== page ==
Choosing a Great Straight Razor
Choosing a straight razor can seem overwhelming. A poor quality razor can leave you scratched, nicked, or worse. But a great quality razor will deliver the smoothest shave you’ve ever had. And with a little maintenance, it can last a lifetime.
There are benefits to using a straight razor. They deliver a smoother, cleaner shave than any disposable razor ever can. A quality straight razor and good shave can actually keep the 5 o’clock shadow at bay for a few more hours. Disposable razors pull the hair slightly before cutting it and the result can be unsightly and uncomfortable ingrown hairs. Using a traditional razor eliminates this problem. Green is in, and any change you make from disposable items is great for the environment. Switching to a straight razor is not only environmentally friendly; it’s also gentler on your wallet.
On the downside, learning to use a straight razor can be tricky. It is an art, a learned skill, and one you probably will not perfect in a day, or even a month. Men who want to make the switch should expect that it will take a while to perfect the method. They are not as safe as disposables, for obvious reasons. Although, for many men, (and their significant others) this might be part of the appeal. One final downside is that shaving with a straight razor does require sharpening the blade before every use, and so the process will take a little more time.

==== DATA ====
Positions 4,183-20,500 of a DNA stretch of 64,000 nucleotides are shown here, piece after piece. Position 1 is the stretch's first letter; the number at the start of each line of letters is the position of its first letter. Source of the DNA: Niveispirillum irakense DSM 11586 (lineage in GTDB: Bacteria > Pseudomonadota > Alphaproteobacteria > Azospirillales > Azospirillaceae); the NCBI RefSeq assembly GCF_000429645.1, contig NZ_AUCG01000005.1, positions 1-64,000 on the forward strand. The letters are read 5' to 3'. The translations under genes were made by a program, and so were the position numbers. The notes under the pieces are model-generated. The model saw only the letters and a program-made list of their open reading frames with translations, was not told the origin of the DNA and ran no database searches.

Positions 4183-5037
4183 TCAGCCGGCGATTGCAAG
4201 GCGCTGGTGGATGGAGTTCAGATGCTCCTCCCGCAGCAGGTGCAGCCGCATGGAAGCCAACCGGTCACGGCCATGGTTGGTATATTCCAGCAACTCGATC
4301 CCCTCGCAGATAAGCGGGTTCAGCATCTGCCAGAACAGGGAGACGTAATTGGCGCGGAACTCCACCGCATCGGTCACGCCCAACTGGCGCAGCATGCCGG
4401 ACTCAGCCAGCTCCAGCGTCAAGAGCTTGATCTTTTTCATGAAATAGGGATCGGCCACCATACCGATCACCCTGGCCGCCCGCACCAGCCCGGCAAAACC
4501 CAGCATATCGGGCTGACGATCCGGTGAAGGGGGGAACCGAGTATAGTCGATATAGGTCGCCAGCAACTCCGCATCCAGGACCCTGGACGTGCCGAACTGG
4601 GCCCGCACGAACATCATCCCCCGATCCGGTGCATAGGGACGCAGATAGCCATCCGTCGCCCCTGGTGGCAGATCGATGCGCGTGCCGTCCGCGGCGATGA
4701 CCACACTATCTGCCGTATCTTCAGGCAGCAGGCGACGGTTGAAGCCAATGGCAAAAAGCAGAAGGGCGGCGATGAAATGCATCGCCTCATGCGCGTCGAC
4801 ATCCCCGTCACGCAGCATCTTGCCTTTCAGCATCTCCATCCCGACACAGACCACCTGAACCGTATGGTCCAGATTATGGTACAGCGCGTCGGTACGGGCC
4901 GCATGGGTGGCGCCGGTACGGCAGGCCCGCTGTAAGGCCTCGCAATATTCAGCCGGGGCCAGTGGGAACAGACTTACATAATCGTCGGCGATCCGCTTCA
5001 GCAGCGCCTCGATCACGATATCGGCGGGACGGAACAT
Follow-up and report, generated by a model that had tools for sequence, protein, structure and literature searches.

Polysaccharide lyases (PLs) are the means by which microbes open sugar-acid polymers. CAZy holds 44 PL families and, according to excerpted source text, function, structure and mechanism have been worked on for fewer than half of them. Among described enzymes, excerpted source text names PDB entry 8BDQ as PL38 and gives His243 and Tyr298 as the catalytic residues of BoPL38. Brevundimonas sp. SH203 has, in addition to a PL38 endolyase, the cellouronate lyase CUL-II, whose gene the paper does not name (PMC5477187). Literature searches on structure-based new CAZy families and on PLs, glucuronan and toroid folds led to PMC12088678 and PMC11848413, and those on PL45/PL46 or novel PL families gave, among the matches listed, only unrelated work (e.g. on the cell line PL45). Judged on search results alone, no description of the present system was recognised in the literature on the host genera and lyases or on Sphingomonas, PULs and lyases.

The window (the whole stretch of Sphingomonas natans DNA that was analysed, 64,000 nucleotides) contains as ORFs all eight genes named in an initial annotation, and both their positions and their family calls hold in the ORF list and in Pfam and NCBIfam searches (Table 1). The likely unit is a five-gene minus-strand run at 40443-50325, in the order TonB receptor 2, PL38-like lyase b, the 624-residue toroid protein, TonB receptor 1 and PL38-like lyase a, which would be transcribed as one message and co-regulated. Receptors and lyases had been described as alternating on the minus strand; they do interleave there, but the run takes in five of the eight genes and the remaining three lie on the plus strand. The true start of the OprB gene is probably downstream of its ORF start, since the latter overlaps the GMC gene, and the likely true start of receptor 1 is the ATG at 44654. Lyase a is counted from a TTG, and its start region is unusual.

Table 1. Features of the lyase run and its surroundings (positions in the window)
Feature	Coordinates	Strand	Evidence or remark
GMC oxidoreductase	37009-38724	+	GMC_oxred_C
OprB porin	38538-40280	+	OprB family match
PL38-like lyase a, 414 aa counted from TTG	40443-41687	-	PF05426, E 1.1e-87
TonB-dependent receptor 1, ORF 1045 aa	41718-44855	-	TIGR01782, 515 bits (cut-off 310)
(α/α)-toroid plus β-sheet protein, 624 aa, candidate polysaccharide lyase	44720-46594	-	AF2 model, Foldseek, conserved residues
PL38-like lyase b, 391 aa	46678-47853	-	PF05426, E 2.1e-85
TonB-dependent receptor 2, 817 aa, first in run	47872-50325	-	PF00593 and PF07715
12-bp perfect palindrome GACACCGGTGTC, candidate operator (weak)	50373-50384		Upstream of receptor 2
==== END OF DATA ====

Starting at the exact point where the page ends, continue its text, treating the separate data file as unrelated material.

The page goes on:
Straight razors are available in different tempers. One is not better than the other; it largely depends on personal preference. Soft tempers are the easiest to sharpen; which is good because they are also the first to lose that sharp edge. Hard tempers are much more difficult to sharpen, but it balances out because they will stay sharp the longest. Medium tempers fall into the middle both for ease of sharpening and how long they retain the edge.
Check out the balance on the razor you choose. The best razors are perfectly balanced between the handle and the blade. When the razor is properly balanced, you will have greater control of it during use. To check the balance, open the razor to about 110 degrees, and then rest the pivot of the razor on your first finger. It should hold in place without moving up or down.
There are two grinds to choose from when selecting a razor. The concave grind creates a blade that thins out in the center, and then flares again before tapering down to the cutting edge. This is preferred by many barbers as it is easy to feel the resistance of hair against it, and determining when it needs sharpening becomes very simple. The wedge grind is just that, a very simple wedge shape without any flares. Sharpening this blade requires some practice to master, but it delivers an excellent shave and is highly recommended for coarse or thick hair.
Finally, consider the finish when choosing a razor. They can be finished with plain steel, metal plate, or polished steel. The polished steel is commonly referred to as crocus, and reflects the highest quality of the three. It does not show rust, lasts longer and is the choice of many barbers. Metal plated razors typically do not last long before the metal wears off.